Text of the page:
Steve Haroz: Computer Science Department - UC Davis
Kwan-Liu Ma: Computer Science Department - UC Davis
Katrin Heitmann: Los Alamos National Laboratory
Steve Haroz, Katrin Heitmann, "Seeing the Difference between Cosmological Simulations," IEEE Computer Graphics and Applications, vol. 28, no. 5, pp. 37-45, Sep/Oct, 2008 (pdf)
Steve Haroz, Kwan-Liu Ma, Katrin Heitmann. Multiple Uncertainties in Time-Variant Cosmological Particle Data. IEEE Pacific Visualization Symposium. March, 2008, pp. 207-214 (pdf)
The goal of this project was to visualize the differences between cosmology simulations.
Importantly, we wanted to create an application that could show this information interactively on consumer hardware.
Each run of the the simulation has ~16.8 million (2563) particles. As the universe is made up of around 1070 particles, each simulation particle represents about 1063 actual particles, which is the size of galaxy cluster. The particles are initially arranged evenly on a 3D grid (see 1). They are then perturbed slightly to satisfy the cosmological initial conditions (see 2). The simulation then moves the particles based on gravitational forces forming dense clusters and sparse regions (see 3). Notice that the red particle moves so far left that it wraps around the edge.
The impact of the perturbations was the main focus of the study. The particle movements in the earliest epochs of the simulation are simply too small to be accurately represented by the simulator. Cosmologists thereby approximate the locations of the particles after some initial period, so they can effectively skip over the beginning of the simulation. The length of time that the approximation encompasses and the type of approximation used can vary by simulation. We therefore want to show how the approximations impact the results as the simulation progresses.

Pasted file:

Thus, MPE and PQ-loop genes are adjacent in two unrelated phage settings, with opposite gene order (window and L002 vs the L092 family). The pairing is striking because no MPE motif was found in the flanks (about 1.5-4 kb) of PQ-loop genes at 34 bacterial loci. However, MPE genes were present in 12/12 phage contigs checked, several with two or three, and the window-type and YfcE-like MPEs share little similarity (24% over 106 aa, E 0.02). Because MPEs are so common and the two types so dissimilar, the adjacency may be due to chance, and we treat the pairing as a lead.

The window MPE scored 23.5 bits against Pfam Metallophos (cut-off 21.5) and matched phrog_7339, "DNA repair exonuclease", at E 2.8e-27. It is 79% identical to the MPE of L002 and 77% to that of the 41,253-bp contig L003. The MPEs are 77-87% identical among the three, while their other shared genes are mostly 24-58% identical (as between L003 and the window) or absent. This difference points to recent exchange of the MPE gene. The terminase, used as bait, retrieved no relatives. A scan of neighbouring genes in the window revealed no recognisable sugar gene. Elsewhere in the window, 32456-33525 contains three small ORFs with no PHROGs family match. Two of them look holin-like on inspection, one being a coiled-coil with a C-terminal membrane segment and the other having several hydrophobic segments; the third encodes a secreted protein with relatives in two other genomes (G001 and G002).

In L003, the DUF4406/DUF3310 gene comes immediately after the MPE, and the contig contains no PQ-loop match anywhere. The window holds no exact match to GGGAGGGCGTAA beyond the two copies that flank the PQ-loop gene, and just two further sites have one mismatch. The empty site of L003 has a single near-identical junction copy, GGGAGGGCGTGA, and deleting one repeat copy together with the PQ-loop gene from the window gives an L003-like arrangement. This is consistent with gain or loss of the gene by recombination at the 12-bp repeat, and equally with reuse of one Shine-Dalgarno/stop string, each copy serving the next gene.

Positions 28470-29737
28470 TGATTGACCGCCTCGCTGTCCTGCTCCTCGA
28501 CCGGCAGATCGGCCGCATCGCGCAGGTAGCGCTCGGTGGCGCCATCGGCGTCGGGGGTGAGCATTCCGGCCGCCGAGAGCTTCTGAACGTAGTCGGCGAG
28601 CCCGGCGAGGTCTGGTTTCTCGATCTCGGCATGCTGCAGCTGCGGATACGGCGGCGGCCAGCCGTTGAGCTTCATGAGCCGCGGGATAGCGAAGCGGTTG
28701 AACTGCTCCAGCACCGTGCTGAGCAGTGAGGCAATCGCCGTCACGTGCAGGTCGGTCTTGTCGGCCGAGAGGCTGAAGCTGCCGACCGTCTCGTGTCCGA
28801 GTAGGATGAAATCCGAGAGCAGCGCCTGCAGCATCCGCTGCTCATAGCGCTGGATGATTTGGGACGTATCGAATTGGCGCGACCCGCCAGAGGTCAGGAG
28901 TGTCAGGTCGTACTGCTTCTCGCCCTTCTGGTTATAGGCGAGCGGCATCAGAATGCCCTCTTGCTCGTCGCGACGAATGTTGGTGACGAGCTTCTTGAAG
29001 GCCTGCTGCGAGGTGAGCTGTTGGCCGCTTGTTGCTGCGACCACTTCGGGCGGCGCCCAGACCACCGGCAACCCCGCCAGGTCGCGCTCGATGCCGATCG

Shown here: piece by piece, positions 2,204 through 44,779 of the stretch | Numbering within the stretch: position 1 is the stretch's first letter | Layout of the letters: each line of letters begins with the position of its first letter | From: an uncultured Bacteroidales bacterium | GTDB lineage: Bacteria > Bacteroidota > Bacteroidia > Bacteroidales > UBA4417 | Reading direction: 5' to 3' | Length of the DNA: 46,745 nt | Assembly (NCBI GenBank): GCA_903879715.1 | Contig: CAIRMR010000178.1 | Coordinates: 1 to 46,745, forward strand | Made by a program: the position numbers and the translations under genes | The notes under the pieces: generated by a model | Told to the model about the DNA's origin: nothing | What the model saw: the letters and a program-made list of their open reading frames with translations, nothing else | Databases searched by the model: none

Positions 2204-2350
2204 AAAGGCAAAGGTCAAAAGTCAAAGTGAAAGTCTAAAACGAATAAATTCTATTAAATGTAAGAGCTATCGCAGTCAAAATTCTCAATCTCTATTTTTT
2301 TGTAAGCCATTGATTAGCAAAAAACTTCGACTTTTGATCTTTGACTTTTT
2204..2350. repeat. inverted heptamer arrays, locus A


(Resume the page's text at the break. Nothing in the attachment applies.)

This figure illustrates the the different approximations. The approximation estimated each particle's position and velocity at a certain timestep (the red lines represent the approximations). The simulator then continued following the gravitational forces of the particles, and it outputted the data at various timesteps (the circles).
We initially examined how the simulation algorithms impacted the final results. The types of simplifications and estimations used by the simulators were found to effect the outcome. Variability of position and velocity were proportional to density and velocity. This example image compares simulations run using FLASH and HOT. Each particle is colored by the amount of difference (from dark blue to bright yellow). The dense clusters can be seen to have very high variation, whereas the sparse regions are fairly consistent.
The approximated datasets presented a more interesting challenge, as we wanted to examine how the differences developed over time. Most cosmologists assume that they coalesce. However, we found that each particle's position and velocity varies more as time progresses. In other words the simulations diverge. The images below were rendered by drawing a line from each particle's position in one simulation to the position in a another simulation. As the simulation progresses and structures form, the lines grow larger meaning that the differences grow.
All simulations were run by Katrin Heitmann at LANL. Some of the datasets can be obtained from the Cosmic Data ArXiv